Distance in audio for VR: Constraints and opportunities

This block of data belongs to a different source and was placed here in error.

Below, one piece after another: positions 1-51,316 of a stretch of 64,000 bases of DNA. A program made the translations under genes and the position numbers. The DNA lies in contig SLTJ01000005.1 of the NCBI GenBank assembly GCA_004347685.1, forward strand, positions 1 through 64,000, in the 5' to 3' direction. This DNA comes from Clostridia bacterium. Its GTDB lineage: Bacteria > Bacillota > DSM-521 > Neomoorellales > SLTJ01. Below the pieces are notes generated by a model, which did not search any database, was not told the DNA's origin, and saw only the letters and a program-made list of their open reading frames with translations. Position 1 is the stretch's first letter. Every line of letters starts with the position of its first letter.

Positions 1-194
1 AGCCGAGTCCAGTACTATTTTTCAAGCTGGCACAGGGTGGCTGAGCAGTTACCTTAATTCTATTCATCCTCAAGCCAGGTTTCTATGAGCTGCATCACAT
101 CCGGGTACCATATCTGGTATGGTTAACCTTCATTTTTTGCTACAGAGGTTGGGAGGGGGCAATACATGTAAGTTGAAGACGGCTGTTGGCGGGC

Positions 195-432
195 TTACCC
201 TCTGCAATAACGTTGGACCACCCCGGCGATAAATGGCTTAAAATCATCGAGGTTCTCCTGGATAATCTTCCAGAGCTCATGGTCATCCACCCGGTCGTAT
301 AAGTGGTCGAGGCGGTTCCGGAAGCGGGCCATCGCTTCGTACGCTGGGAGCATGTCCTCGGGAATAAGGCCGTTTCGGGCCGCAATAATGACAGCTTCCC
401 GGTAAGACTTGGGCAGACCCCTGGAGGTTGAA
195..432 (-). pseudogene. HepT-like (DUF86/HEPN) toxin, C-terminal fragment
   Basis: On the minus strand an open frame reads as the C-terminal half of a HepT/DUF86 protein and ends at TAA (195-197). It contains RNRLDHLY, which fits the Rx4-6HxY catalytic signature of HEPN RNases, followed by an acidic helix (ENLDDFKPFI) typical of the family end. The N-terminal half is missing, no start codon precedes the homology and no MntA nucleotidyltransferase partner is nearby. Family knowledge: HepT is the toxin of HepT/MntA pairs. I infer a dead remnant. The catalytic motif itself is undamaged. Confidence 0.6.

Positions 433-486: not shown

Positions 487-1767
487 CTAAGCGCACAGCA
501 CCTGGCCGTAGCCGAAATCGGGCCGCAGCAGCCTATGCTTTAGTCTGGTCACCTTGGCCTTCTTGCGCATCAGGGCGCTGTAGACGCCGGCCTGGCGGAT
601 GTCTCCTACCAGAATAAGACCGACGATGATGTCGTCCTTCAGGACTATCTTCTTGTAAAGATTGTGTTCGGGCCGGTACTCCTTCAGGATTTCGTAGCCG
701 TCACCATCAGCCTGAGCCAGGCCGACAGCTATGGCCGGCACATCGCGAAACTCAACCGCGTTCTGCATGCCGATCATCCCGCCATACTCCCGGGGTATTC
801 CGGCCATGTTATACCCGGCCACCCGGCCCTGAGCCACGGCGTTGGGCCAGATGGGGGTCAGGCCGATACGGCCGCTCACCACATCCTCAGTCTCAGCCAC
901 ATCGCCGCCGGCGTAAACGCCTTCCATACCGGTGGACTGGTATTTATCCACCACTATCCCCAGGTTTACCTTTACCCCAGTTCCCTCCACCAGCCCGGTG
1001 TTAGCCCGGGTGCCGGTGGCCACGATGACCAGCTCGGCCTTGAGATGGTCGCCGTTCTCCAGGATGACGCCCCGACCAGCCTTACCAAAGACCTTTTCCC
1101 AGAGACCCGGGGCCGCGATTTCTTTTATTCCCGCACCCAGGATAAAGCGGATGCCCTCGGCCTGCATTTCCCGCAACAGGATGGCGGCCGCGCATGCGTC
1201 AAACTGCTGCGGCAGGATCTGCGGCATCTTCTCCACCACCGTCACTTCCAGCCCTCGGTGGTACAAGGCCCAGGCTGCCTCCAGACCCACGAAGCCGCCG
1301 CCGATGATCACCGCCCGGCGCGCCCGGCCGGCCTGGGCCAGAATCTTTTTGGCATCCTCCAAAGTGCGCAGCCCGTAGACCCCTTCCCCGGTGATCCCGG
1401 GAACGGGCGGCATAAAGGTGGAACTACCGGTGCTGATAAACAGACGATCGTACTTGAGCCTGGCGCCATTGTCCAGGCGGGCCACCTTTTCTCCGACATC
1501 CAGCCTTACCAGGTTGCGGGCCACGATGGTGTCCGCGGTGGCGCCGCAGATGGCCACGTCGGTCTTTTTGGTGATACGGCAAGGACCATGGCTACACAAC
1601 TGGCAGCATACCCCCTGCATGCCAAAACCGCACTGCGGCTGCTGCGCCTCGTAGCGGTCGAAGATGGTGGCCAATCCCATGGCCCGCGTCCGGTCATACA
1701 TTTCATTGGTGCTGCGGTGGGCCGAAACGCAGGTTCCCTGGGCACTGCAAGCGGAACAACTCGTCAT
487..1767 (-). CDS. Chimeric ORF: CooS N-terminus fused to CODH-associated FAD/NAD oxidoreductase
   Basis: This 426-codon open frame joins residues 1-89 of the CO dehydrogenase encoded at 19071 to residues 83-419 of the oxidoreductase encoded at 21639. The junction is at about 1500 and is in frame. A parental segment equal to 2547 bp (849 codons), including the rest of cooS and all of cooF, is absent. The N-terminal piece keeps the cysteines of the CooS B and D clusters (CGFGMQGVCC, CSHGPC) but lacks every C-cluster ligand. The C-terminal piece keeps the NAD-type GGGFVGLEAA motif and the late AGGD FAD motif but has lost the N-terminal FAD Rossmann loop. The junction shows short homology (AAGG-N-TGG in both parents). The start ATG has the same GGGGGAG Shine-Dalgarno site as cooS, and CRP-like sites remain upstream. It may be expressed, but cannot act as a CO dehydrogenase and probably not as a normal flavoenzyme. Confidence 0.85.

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Spatial audio is enjoying a surge in attention in both scene and object based paradigms, due to the trend for, and accessibility of, immersive experience. This has been enabled through convergence in computing enhancements, component size reduction, and associated price reductions. For the first time, applications such as virtual reality (VR) are technologies for the consumer. Audio for VR is captured to provide a counterpart to the video or animated image, and can be rendered to combine elements of physical and psychoacoustic modelling, as well as artistic design. Given that distance is an inherent property of spatial audio, that it can augment sound's efficacy in cueing user attention (a problem which practitioners are seeking to solve), and that conventional film sound practices have intentionally exploited its use, the absence of research on its implementation and effects in immersive environments is notable. This paper sets out the case for its importance, from a perspective of research and practice. It focuses on cinematic VR, whose challenges for spatialized audio are clear, and at times stretches beyond the restrictions specific to distance in audio for VR, into more general audio constraints.